Published Jan 22, 2019If you're considering listening to an album called Power Chords, you probably know what's in store. From the get-go, Mike Krol and company's latest is truth in advertising: fuzzy, catchy, chord-riddled rock. The licks are loud and frequent, the choruses are snappy and filled with hooks, and if at least one of these songs doesn't dig its way into your head for a day, there's a good chance you're not a lot of fun.
Realistically, there's nothing on Power Chords that hasn't been done before, either by Krol on past albums Trust Fund and Turkey, or by his many contemporaries. The "sunny disposition with a sneer" that epitomizes so many West coast bands is apparent throughout, paired with the bouncy, rattle-your-bones style of groups like Harlem and White Reaper. Rhythm guitar parts on tracks like "An Ambulance" and "Little Drama" sound like they were ripped from Albert Hammond Jr.'s old notebook, and at times Krol's vocals border on Jay Reatard-level zaniness.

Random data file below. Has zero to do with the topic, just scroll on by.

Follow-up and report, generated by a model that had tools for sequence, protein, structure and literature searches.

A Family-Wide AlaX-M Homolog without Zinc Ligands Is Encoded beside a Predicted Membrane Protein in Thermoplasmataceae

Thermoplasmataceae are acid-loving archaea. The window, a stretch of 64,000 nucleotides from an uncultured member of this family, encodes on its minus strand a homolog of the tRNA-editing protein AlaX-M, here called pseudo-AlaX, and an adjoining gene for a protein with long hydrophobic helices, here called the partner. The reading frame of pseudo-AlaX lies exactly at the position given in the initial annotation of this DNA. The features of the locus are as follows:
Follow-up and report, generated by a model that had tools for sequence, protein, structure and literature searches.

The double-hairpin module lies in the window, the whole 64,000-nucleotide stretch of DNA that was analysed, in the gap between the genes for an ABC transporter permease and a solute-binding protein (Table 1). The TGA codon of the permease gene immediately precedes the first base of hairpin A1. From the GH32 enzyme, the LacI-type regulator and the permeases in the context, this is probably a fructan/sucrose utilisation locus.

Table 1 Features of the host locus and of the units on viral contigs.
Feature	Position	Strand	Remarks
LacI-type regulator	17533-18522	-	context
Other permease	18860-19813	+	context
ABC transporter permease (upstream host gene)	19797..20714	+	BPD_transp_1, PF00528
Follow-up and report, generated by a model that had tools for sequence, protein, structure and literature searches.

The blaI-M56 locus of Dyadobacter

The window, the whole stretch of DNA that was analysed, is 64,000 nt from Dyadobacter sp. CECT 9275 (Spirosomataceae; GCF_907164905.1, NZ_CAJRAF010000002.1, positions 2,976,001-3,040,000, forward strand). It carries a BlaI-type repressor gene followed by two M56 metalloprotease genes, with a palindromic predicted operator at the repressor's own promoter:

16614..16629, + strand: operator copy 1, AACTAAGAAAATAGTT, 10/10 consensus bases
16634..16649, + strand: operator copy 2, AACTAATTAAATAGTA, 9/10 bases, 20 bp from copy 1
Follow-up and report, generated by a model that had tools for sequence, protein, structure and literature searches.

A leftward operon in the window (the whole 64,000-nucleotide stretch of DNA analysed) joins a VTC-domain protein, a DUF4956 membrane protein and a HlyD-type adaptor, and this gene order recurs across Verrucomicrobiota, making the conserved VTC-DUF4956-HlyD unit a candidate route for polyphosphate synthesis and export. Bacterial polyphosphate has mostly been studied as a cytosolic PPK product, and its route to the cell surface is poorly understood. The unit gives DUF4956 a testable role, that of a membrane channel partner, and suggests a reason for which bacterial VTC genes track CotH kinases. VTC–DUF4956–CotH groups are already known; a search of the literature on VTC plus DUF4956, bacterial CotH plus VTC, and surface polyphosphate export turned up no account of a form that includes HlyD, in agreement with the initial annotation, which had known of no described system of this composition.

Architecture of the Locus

Yet despite sounding like an album that could have just as easily come out in 2009 as 2019, it's a testament to the timelessness of Power Chords' sound rather than an indication of its tedium. You could argue Krol isn't pushing boundaries with his songwriting, that Power Chords is a been-there-done-that kind of album, and maybe you'd be right. But Krol and the band prove that being "there" and doing "that" can still be just as much fun as it ever was. (Merge)